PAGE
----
When I decided to become a pastry chef, I never thought I’d one day be sitting in the dirt encircled by villagers, whipping egg whites into a frothy meringue – with chopsticks.
Nor did I envision assembling a tiramisu on the back of a motorbike. I did, though, and it was delicious. I even enlisted the help of a baffled barista. As I kept motioning for a little more sugar in my espresso, he was unknowingly making the syrup for soaking the sponge cake. A moped key is a perfect stand-in for scissors to cut open a bag of cocoa powder. And a hair tie can seal it back up in a pinch. Who knew that you can make chocolate curls with a candy bar and a plastic spoon from 7-11? Or that this decadent layer cake can be cut with a plastic Pringles lid? (Or a rubber band, for that matter.
I came to Northern Thailand unsure of the baking conditions. I was prepared to milk a cow if necessary. To my surprise, there are two baking supply stores full of multicolored sprinkles and unfortunately waxy chocolate- not exactly battle conditions. No, baking adventures happen on bumpy bus rides to mountain villages and foot treks across borders- with a wedding cake in a bag slung over one shoulder.
I had the rare opportunity to introduce hundreds of provincial celebrators to the Western queen of cakes. The sweltering heat of hot season dictated an unfrosted version, and the Thai bride requested a banana coconut pound-cake. This unassuming brown stack turned into a wedding cake when adorned with dozens of handmade, sunset-colored royal icing roses.
An empty platter balanced on my lap during the lurching bus ride home told me everyone liked it.
These are not the conditions that lead to spectacular culinary creations, and yet, the urge to create will not be quieted.
Somewhere inside are cookies that want to be baked. It feels like Christmas Eve: There are literally sugar plums, mangoes and passionfruit dancing in my head. And they want out; kitchen or no kitchen. Suddenly what was considered necessary (refrigeration, whisks, running water) has been forgotten. It’s just you, a beaten up wok, and a propane tank. Go.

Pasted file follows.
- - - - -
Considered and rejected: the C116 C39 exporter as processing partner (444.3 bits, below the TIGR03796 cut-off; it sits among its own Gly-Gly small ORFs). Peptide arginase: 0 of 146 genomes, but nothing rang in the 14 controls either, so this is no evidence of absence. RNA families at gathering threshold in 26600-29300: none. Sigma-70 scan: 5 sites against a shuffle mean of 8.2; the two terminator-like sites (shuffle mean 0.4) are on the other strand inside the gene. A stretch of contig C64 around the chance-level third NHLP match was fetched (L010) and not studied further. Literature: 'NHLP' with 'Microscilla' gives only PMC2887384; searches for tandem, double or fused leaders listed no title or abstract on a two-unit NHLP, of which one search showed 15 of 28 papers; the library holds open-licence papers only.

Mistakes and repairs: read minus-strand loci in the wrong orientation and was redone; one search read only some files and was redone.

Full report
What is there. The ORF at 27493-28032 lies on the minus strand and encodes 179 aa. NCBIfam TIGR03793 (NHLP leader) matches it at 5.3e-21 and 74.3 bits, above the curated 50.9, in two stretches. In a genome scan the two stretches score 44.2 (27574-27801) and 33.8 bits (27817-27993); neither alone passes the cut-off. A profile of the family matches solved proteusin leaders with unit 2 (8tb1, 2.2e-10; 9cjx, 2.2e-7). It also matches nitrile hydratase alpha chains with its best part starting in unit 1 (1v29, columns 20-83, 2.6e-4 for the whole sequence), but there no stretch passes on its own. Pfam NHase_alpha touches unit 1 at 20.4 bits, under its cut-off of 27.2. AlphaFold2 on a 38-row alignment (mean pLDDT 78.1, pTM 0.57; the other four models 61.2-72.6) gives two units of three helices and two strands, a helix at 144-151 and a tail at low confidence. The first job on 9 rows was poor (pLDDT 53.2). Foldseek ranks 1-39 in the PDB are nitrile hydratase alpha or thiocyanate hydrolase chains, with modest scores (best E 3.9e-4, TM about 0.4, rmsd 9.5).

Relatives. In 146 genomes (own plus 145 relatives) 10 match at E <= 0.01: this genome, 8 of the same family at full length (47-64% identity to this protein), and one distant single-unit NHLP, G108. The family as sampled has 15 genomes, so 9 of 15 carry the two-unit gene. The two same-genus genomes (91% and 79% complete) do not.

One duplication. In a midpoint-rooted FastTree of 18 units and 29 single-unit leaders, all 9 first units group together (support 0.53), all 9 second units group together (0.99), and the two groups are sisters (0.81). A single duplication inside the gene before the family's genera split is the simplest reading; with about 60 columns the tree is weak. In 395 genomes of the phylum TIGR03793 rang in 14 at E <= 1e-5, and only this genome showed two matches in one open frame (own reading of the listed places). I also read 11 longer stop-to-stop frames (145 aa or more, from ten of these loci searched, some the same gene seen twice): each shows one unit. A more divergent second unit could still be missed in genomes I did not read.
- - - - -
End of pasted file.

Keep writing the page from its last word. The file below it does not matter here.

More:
Most of the streets I walk down are lined with children’s inquisitive faces. I’d like to bake them all birthday cakes. Once I packed flour, baking powder, sprinkles and (melty) butter over the border into Burma to do just that, only to discover the oven was broken. One look into the beautiful dark eyes of the birthday girl and I knew what I had to do. Out came the crooked wok, and we made giant pancakes: vanilla and chocolate. Forget hot pads. There was not even a towel in sight. We flipped the scalding pan using a camisole and rolled up boxers. The wokcakes alternated with raspberry jam and brown sugar butter sauce to form a cake, in needful compliance. Decked out with candy and glowing birthday candles, it looked like a birthday cake- from a distance. The birthday girl beamed proudly as she blew out all thirty-two candles on her very first birthday cake. In this moment of humble triumph, there was something to sing about. And, the cake tasted pretty darn good.